If there's any comfort to be had from 2020's miserable string of Supreme Court rulings, it's that conservatives aren't going to take the next vacancy lying down. After years of taking judges at their word, Senator Josh Hawley (R-Mo.) says it's time to play hardball. If the next person sitting before the Judiciary Committee says they're pro-life, they'd better have a record that proves it.
"I don't want private assurances from candidates," Hawley insisted. "I don't want to hear about their personal views, one way or another. I'm not looking for forecasts about how they may vote in the future or predications. I don't want any of that. I want to see on the record, as part of their record, that they have acknowledged in some forum that Roe v. Wade, as a legal matter, is wrongly decided."
Like a lot of Americans, Hawley's had it. Watching the Supreme Court try to justify a horrible ruling on abortion regulations last month only strengthened his resolve. "It's time," he told listeners on "Washington Watch" "that we ask the question that's fundamental to a judge's judicial philosophy. And Roe was an unbridled act of judicial imperialism. It's also a moral outrage -- one of the worst decisions ever handed down by the United States Supreme Court... It belongs with Dred Scott and Plessy v. Ferguson as decisions that have wounded the soul of this nation... And I want to know from any individual judge or whatever nominated to the United States Supreme Court whether they are able to recognize the illegitimate nature of Roe vs. Wade as a constitutional matter." If it's not there, he warns, if there's not evidence, "I will not vote."
Hawley's line in the sand comes after a particularly painful term at the court, where the Constitution took one of its worst beatings in recent memory -- most of them at the hands of Chief Justice John Roberts, who conservatives were assured in 2005 was a solid pick. For years, groups like FRC have been told by Republicans to shut up and support their nominees, even if they didn't have a reassuring paper trail. That ends now. The sanctity of human life is a fundamental issue, and if a nominee can't get that right, it's very unlikely they'll get anything else right either.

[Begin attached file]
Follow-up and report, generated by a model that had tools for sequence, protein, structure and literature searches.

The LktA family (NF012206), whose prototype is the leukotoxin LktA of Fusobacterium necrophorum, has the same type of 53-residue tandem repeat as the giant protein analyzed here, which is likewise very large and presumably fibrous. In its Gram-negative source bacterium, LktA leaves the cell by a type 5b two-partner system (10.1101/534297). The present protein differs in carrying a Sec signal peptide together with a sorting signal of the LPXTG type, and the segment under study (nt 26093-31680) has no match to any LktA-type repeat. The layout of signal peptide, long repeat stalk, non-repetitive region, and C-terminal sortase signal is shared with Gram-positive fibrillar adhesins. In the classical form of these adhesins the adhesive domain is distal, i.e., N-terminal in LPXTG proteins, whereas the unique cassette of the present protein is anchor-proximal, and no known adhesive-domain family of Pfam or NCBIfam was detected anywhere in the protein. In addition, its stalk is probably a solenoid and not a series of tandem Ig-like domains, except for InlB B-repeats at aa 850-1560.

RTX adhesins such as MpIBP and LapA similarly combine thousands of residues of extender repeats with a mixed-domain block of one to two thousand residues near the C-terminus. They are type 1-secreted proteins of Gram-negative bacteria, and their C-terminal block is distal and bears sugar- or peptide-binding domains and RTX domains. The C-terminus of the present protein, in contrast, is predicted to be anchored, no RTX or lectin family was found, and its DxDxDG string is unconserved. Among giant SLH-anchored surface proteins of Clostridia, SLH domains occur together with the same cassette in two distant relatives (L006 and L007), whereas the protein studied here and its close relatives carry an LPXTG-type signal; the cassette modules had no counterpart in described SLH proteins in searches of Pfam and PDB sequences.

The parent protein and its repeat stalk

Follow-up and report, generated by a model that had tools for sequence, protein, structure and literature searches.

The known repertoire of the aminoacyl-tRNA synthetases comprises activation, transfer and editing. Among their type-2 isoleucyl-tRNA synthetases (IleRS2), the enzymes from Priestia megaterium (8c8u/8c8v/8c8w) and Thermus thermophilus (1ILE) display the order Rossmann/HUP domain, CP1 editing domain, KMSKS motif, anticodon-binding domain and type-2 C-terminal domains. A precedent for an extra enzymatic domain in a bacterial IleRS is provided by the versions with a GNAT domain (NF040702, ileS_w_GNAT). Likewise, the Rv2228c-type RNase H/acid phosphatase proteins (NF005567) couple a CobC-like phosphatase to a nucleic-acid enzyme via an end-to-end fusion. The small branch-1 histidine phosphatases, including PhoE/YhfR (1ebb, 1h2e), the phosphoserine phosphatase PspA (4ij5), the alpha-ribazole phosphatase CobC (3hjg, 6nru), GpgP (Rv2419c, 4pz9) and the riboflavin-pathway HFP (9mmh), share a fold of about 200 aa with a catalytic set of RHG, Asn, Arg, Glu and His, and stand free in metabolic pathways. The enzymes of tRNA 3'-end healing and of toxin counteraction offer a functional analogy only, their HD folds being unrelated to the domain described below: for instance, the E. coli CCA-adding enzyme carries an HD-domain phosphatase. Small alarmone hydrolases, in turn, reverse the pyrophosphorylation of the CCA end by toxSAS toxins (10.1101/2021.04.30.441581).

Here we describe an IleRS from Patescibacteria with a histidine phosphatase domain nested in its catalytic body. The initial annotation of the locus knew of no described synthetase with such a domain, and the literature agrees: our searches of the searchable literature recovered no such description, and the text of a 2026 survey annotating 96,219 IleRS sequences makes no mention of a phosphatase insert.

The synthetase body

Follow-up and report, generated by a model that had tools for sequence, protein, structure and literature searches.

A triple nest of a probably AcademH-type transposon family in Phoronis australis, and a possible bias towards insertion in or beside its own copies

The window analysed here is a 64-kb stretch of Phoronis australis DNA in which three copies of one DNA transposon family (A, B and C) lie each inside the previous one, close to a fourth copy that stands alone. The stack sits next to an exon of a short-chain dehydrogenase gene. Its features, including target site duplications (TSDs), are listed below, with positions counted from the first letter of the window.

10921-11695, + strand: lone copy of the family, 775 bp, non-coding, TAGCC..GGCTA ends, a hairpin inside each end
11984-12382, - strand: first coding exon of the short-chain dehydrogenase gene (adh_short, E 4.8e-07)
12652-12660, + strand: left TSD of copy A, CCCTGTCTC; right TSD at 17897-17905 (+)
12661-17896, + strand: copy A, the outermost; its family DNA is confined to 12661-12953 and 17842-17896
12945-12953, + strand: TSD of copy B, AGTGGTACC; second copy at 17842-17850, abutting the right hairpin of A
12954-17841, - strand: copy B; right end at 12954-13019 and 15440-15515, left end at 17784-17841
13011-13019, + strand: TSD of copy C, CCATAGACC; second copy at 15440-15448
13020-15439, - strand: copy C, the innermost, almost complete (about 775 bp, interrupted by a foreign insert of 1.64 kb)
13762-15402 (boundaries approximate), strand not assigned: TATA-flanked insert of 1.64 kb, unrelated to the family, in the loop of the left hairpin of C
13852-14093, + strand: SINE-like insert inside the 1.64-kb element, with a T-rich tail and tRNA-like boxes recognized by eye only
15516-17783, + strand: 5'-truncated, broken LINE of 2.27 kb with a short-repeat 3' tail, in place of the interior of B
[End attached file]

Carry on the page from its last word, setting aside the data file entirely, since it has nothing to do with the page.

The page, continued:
If we trace it back, Senator Hawley said, Roe "is the point at which the modern court, back in 1973 said, 'We're not even going to attempt to follow the Constitution.' ... Which is why a judge's position on Roe, the understanding of that case as a legal matter sheds great light. It is a window into their constitutional worldview. And the simple fact of the matter is, if you can't recognize that ruling was wrong constitutionally, then you are a judicial imperialist, and that's going to have consequences across a range of cases. It's a basic matter of constitutional fidelity."
At the end of the day, Senator Hawley pointed out, "it's not my job to choose the judges or the justices to be nominated. I only have one role in this process -- and that is to vote to confirm or not. And I'm just saying that I will not vote to confirm if a judge nominated for the Supreme Court has not acknowledged Roe was wrongly decided."